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Affordable Housing

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  Be they ever so humble, our local pads are more than adequate.   By Hannah Wallace   I grew up in this town, so during my shaky post-college employment/unemployment roller-coaster-of-income, I’ve reverted back to rent-free living at the ‘rents more times than I care to admit. But when I’m not crashing in my childhood […]

May 24, 2007


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Be they ever so humble, our local pads are more than adequate.
 
By Hannah Wallace
 
I grew up in this town, so during my shaky post-college employment/unemployment roller-coaster-of-income, I’ve reverted back to rent-free living at the ‘rents more times than I care to admit. But when I’m not crashing in my childhood bedroom, I’ve managed to afford some pretty cool abodes—and my fellow proletariat friends do the same. This is what our incomes get us:
 
(On a side note, I was going to write about sub-affluent living situations anyway, but became even more motivated after recently discovering that Cheetah Club Boyfriend, who moved to Florida less than two years ago, was actually forced to rent an apartment that doubles as the Pinellas Park landfill. Poor guy.)
 
MEGAN THE COPY EDITOR
Recent college grad and Sarasota newcomer Megan landed her job at the magazine before moving here from her hometown, Orlando. She found an awesome apartment in Laurel Park—corner unit, hardwood floors, lots of windows, the whole shebang—and resides there with her cat, who is afflicted with leprosy or diphtheria or dysentery or some kind of bad humours (though she would like everyone to know that the cat is not contagious and she herself does not have any of those diseases). Her place is two blocks from both work and Cold Stone Creamery. I am jealous and I hate her.
 
BIG J, LITTLE J (what begins with J?)
A Bradenton native, 30-something Big J runs a home for lost boys in Samoset, near 301 and 38th Avenue East. He owns the two-cum-three-bedroom, one-bath house and rents out the other two rooms to a variety of guy friends (current tenants are Little J and salesman extraordinaire Scooter P), creating an awesome frat-house environment. Actually, Big J’s pretty fastidious—and a handyman to boot—so it’s a tidy (if smoky) little frat house. And while both Js have a long commute to their Clark Road jobs, they can carpool, so it’s not such a hardship.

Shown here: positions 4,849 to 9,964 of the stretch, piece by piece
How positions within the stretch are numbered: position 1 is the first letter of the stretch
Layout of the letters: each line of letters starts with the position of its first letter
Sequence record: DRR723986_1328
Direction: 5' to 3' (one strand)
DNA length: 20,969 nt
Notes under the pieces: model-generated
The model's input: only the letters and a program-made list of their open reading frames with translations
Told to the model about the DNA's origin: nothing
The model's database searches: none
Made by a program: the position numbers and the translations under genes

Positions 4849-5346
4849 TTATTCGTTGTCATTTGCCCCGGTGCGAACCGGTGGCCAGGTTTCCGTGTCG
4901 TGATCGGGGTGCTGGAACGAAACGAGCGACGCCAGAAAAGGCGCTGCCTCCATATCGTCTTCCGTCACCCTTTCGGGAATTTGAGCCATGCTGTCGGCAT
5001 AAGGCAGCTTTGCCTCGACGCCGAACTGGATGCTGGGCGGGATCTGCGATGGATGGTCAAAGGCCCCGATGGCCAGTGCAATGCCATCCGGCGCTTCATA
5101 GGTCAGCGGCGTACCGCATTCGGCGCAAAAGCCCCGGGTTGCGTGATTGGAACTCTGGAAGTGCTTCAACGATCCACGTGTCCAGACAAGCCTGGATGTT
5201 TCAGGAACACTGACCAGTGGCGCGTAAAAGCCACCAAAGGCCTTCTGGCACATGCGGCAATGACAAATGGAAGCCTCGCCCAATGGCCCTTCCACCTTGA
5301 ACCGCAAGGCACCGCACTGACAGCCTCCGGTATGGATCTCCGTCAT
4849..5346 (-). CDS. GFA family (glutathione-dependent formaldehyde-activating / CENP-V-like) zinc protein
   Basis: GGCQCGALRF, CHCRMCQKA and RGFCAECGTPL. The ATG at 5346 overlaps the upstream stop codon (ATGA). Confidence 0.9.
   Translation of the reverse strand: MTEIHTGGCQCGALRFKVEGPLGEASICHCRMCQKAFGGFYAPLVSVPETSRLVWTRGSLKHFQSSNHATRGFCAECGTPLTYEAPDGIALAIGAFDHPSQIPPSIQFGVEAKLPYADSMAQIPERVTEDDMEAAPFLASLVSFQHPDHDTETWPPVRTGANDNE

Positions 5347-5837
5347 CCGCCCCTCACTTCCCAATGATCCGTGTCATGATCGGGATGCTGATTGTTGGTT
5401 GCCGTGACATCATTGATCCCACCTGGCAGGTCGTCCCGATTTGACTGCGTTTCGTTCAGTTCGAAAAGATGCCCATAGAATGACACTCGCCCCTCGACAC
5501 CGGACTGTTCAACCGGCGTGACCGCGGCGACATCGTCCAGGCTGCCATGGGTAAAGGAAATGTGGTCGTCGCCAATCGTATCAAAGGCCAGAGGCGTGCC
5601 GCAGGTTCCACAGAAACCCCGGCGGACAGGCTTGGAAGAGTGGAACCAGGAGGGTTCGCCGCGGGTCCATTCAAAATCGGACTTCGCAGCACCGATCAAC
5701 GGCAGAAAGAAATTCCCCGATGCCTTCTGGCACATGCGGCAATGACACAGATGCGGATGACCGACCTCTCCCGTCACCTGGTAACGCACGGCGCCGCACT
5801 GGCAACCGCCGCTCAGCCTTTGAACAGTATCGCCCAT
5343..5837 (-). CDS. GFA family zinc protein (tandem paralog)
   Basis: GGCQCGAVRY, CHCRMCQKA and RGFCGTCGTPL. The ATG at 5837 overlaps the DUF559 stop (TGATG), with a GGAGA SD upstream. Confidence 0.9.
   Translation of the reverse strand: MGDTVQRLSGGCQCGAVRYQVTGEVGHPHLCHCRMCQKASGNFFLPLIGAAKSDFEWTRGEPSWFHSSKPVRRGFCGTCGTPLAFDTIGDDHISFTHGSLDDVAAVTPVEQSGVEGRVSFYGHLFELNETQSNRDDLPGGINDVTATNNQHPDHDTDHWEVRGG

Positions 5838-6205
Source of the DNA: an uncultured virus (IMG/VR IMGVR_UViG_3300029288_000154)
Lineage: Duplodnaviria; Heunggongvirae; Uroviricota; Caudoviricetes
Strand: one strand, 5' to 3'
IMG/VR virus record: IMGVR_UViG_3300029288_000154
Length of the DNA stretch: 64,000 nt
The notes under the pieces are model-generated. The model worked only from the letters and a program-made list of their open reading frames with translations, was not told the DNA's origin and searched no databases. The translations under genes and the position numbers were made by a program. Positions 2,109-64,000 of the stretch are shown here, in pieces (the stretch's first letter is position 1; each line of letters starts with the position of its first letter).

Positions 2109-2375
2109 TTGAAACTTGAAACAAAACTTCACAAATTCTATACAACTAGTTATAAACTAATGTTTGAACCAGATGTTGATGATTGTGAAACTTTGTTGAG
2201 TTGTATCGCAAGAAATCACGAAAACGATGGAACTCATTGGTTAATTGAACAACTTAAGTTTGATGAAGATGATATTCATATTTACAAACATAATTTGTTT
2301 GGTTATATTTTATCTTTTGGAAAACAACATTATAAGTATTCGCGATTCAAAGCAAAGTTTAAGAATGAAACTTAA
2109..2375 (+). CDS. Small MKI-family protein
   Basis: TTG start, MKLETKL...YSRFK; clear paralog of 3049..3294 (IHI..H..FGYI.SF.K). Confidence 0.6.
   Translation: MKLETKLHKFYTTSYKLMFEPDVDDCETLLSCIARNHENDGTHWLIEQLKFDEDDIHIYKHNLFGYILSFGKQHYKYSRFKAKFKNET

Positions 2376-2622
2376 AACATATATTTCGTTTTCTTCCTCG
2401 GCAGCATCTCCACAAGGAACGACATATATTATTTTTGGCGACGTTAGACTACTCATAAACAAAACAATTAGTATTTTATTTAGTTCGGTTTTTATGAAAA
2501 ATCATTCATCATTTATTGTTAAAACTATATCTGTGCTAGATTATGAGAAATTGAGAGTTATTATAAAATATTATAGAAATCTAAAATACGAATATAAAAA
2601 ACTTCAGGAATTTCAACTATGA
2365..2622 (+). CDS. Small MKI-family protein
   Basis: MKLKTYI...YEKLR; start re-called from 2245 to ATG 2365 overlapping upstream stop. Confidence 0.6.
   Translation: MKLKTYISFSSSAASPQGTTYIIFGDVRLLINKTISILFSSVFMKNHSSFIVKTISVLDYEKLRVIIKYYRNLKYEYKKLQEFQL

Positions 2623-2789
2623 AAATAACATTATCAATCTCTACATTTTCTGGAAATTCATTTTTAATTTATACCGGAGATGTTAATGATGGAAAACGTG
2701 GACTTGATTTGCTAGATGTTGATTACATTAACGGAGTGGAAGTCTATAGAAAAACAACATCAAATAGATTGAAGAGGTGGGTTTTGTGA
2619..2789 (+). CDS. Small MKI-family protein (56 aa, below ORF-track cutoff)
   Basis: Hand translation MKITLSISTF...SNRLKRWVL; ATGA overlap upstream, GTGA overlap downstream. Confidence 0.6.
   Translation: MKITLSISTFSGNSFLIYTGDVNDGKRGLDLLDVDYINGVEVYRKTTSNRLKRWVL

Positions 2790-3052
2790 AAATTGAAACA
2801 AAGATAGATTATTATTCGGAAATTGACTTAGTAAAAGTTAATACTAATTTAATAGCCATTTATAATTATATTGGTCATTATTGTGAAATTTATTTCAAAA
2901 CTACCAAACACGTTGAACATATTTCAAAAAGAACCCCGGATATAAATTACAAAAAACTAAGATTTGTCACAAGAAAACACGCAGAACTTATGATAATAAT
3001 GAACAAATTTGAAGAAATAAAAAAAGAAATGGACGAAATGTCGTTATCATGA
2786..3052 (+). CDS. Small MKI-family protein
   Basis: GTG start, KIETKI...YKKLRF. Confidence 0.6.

MR. AND MRS. HARRIBLE
With an eight-year-old hockey dynamo to nurture, the Harribles bought a two-bedroom, two-bath house near the ice rink in Ellenton (technically, “Palmetto,” though I’ve never quite figured out how you can drive east through Ellenton and wind up in Palmetto again). They, too, both work in Sarasota (in fact, Coach Mr. Harrible works in Venice), but considering the amount of time they spend at the rink (not to mention the difference in house prices between here and there), I think the commutes pretty well even out.
 
ME
A couple of years ago I landed a 10-foot-by-16-foot studio guest house (with an admittedly large bathroom) in the back yard of a modest-size home in Indian Beach. It’s small and has no stove, but it’s also hidden from the street, close to work, and I don’t have to share a wall with anyone (so I can crank up my Glengarry Glen Ross DVD without fear of frightening the neighbors). Plus, I have a yard in which to place the overflow when my guests exceed my home’s capacity (which is 2.5 people). This is what I can afford when I stick to the “your monthly rent should be one-fourth your monthly income” rule my mother taught me. And you know what? It does just fine.